With illegally introduced lake trout swarming throughout Yellowstone Lake, approximately 90 percent of the native species, Yellowstone cutthroat trout, have been eliminated since the mid 1990s when the lake trout took hold.
This has led biologists and wildlife activists to unite to save the endangered species through a variety of plans, partly since fishing for the cutthroats in Yellowstone Lake and its tributaries has been a popular tourist activity. Also, the cutthroats are considered a keystone species in the Yellowstone area that effectively dictate how other species live. For instance, since cutthroats spawn in streams, they are a prime catch for backcountry bears, making the animal highest on Yellowstone’s food chain less likely to become problematic for tourists. Lake trout, by contrast, never leave the lake.
When efforts first began, things looked pretty hopeless, but experts have more recently identified a number of ways to harvest lake trout without hurting the cutthroats simultaneously. And the effort appears to be working. In 2011, about 220,000 lake trout were removed from the voluminous Yellowstone Lake, a huge improvement even from the previous year, when 150,000 fish were harvested. Meanwhile, 2011 was the first year in which the cutthroats showed an increase in population in more than a decade. Under current fishing regulations, fishermen on Yellowstone Lake are required to kill or keep lake trout while being required to release every cutthroat caught.
The newest attack on the lake trout endangering Yellowstone cutthroats involves technology more heavily than before. While previous efforts involved netting as many fish as possible among other angler angles, the new efforts attack problem fish before or shortly after they are born by identifying breeding grounds. Since carbon dioxide is toxic to newly born lake trout, one environmentally sound option would involve dropping weighted dry ice into spawning beds.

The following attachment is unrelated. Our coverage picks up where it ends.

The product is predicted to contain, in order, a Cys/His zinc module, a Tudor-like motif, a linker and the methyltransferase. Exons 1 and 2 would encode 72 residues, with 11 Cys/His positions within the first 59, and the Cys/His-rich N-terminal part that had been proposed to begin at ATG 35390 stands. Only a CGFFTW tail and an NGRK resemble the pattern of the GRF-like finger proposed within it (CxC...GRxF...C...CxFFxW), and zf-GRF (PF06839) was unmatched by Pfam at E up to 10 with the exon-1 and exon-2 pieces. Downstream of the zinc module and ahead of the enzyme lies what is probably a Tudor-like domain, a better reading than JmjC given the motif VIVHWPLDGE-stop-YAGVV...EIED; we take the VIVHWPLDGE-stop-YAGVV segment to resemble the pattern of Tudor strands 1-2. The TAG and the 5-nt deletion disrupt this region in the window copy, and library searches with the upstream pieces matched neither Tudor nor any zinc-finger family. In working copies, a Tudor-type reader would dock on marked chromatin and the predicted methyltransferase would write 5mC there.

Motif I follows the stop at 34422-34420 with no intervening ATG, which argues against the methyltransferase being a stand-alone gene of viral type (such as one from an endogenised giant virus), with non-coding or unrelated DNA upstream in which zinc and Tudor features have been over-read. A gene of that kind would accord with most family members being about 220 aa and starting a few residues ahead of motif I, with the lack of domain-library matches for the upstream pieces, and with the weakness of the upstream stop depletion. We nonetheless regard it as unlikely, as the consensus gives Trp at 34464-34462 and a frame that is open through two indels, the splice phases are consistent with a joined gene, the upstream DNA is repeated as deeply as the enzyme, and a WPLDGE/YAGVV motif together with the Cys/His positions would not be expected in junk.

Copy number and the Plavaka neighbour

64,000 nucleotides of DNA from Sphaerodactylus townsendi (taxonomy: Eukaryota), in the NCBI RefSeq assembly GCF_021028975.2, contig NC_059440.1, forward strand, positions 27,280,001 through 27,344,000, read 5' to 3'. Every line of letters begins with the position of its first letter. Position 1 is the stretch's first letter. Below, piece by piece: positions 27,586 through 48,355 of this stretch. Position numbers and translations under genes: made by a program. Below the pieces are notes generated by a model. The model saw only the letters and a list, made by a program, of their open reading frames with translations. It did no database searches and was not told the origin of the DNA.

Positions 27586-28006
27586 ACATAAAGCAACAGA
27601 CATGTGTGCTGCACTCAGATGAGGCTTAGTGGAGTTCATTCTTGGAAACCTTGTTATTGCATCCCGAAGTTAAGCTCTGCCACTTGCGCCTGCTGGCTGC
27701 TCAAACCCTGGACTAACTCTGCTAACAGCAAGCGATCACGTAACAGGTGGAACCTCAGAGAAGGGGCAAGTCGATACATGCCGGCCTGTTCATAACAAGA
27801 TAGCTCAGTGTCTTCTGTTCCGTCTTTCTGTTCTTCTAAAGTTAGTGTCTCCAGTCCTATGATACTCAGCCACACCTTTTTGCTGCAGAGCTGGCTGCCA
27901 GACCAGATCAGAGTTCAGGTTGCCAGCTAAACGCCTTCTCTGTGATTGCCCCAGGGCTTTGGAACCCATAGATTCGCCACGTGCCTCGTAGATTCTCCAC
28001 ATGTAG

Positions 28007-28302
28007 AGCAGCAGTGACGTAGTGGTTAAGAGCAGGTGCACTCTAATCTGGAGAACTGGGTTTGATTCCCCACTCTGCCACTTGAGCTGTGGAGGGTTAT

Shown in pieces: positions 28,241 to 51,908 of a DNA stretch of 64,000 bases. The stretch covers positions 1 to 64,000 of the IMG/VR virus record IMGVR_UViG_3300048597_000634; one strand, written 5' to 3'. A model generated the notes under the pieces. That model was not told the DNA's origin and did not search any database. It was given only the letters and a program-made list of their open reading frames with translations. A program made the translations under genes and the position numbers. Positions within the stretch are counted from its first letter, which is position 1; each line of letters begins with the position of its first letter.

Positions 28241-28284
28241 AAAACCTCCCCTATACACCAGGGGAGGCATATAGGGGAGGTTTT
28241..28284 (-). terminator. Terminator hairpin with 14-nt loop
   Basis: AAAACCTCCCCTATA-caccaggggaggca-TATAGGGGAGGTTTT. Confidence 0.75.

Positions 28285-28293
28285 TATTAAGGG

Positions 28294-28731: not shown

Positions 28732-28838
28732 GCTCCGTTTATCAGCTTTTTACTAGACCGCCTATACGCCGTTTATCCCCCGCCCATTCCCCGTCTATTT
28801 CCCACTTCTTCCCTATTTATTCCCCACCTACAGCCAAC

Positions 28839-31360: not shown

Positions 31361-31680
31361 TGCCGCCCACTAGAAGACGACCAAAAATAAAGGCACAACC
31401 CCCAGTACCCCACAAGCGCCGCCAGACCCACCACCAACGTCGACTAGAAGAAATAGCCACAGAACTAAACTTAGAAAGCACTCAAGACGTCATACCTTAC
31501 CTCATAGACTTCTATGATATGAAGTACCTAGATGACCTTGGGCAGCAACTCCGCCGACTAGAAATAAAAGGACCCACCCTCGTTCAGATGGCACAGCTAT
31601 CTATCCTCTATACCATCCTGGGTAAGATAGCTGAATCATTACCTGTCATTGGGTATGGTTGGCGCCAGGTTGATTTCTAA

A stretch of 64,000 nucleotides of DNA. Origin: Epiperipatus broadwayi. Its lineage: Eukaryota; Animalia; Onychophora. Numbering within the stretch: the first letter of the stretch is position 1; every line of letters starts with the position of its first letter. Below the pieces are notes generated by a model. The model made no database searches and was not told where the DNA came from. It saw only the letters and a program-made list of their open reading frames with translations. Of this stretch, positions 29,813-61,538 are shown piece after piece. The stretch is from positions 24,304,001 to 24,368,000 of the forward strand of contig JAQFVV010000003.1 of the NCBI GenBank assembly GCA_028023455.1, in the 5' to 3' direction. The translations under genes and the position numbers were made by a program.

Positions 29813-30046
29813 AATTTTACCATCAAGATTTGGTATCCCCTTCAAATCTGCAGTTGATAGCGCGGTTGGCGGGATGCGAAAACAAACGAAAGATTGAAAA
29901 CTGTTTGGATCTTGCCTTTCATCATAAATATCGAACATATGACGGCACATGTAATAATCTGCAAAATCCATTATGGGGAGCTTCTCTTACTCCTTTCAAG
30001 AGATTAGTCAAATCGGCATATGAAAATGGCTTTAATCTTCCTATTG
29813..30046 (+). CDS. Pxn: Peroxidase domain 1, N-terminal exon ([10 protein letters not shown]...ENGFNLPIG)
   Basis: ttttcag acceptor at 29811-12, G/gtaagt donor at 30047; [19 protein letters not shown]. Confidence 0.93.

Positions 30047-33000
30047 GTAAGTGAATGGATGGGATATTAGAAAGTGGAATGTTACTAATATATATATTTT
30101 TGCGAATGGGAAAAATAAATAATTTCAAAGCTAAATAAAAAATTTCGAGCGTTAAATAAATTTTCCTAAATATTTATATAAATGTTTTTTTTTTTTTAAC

But the largest problem facing biologists is finding the spawning beds. Luckily, cutthroats spawn in streams and tributaries while lake trout spawn in the lake itself, meaning experts can attack the spawning beds without worrying too much about detrimental effects to cutthroats. But to find the locations heaviest with lake trout eggs, National Park Service biologists have begun to implant tracking chips that will cause so-called “Judas fish” to betray their species by leading biologists to their spawning grounds.
The program needs more funding to be most effective. Though the National Park Service has employed gill netting to the tune of $1 million annually, Trout Unlimited and the Yellowstone Park Foundation hope to raise $85,000 by May to install the transmitters and receivers that track the lake trout for a fuller distribution in the lake. According to the Trout Unlimited website, they are still $23,000 shy of the goal. Meanwhile, the Yellowstone Park Foundation made a $1 million donation to the program in February. The donation was matched by federal funding.